11. As someone who's been playing it, I have to confirm those thoughts. They pretty much ripped the specialist system from Blops 3 with Rigs, but they have no real personality. They ripped the movement system as well, but the maps don't feel like they're built for them. It's like they made them without the advanced movement in mind, and then later tacked on some wall running routes and called it a day. Speaking of the maps... GAAAHHH They're so bad. They have the same issues that were present in Ghosts, wherein it seems like every space has two or more entrances leading into it, which mitigates camping, but in turn everything becomes a complete clusterfuck with no semblance of flow. Anyone can be anywhere, and you'll often get shot from behind or from the sides because there's no reliable way to predict map movement in most cases. And since the TTK is so low, everyone is boost jumping around corners to get the drop on you and it's supremely annoying. Oh, and sniping is absolutely out of control. Ridiculous. Weapon balance is alright mostly, but ARs are too dominant, and Sniping needs to be addressed. Streaks are whatever. Didn't have many problems with spawns, surprisingly (though the typical BS does still occur from time to time). Overall, my experience has been pretty unpleasant. Probably forgot some stuff, bot those are the big things worthy of mention. Hopefully the make some tweaks for weekend 2 :/ Frontier is one of the worst multiplayer maps I've ever seen in any game.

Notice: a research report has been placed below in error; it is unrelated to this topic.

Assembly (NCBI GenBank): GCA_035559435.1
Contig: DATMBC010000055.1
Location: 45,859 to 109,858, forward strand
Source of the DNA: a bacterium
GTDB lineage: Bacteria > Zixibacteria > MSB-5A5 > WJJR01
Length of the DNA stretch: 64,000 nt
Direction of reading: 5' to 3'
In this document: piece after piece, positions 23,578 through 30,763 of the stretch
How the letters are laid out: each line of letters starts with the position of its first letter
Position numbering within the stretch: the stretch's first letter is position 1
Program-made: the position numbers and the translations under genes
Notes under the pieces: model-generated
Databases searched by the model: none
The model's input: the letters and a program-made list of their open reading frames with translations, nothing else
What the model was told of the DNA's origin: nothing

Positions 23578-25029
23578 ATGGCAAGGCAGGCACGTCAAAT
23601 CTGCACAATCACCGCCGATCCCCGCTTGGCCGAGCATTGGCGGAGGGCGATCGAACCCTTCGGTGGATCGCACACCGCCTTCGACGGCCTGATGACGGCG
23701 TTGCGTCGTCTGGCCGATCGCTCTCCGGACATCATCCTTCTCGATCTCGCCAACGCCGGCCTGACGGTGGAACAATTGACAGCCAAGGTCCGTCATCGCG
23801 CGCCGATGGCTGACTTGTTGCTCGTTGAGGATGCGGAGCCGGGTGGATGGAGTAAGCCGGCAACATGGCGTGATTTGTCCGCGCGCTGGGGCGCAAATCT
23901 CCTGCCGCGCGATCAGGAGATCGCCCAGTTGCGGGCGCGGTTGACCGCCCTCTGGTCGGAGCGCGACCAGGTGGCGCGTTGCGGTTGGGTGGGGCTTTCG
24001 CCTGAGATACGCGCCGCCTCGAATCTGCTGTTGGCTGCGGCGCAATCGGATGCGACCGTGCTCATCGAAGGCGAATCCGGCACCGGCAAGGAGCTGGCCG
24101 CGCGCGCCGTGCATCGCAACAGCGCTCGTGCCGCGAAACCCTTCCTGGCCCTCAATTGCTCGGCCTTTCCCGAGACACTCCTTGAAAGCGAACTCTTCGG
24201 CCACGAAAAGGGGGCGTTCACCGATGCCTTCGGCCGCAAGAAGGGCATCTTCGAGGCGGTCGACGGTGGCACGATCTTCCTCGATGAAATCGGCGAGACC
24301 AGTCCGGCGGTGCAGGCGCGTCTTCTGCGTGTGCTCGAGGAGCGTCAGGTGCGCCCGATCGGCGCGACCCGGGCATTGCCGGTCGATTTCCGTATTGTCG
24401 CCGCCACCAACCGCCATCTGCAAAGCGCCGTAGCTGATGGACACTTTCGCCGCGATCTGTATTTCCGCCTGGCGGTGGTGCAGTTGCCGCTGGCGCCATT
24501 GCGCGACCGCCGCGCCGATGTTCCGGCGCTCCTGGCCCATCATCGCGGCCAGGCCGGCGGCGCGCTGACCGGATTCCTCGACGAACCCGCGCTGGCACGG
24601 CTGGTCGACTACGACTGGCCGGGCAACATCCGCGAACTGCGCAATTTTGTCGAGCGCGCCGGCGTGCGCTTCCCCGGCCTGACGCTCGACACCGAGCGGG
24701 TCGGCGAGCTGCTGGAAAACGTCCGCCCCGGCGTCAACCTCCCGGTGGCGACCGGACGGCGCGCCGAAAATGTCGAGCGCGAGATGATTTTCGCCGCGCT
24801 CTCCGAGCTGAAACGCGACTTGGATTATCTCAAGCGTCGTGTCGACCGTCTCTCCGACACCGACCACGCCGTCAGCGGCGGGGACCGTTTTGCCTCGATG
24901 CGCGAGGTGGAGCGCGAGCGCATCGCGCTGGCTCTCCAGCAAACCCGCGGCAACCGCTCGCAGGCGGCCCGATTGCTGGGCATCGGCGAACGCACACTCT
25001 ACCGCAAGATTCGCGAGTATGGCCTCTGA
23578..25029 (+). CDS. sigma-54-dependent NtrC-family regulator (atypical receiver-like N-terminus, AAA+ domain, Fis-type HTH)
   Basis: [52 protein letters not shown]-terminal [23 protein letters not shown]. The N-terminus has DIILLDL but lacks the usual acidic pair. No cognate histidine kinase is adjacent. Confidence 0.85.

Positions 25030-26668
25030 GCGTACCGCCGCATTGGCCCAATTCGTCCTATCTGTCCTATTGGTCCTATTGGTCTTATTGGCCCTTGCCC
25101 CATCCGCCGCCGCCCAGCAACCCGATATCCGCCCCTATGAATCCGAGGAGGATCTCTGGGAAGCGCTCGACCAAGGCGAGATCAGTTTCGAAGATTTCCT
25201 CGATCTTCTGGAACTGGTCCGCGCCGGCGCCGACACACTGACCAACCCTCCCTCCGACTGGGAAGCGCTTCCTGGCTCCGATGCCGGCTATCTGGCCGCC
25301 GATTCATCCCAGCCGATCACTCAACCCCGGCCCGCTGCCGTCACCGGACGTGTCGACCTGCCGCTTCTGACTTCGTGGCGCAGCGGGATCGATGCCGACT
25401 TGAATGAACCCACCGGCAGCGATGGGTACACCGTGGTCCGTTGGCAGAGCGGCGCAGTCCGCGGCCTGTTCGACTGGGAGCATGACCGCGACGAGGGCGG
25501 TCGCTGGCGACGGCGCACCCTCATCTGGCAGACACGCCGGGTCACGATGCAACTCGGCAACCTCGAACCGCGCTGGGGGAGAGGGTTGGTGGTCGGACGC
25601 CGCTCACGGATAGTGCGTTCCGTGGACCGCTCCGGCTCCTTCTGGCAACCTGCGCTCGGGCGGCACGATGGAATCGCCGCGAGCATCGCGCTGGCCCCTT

12. That's what I think. Or at least, that's where I'm at. I had already been loosing interest in the extended universe stuff, but Halo 5 basically killed much of the passion I had in the Halo Universe going forward.The sole exception to that being Halo Wars 2, and that's mostly due to the fact that they're bringing back old stuff. I've scarcely seen a team fumble the direction of a narrative so hard in my life. Not only that, but they completely and utterly destroyed the themes they were trying to establish in the last game! UGH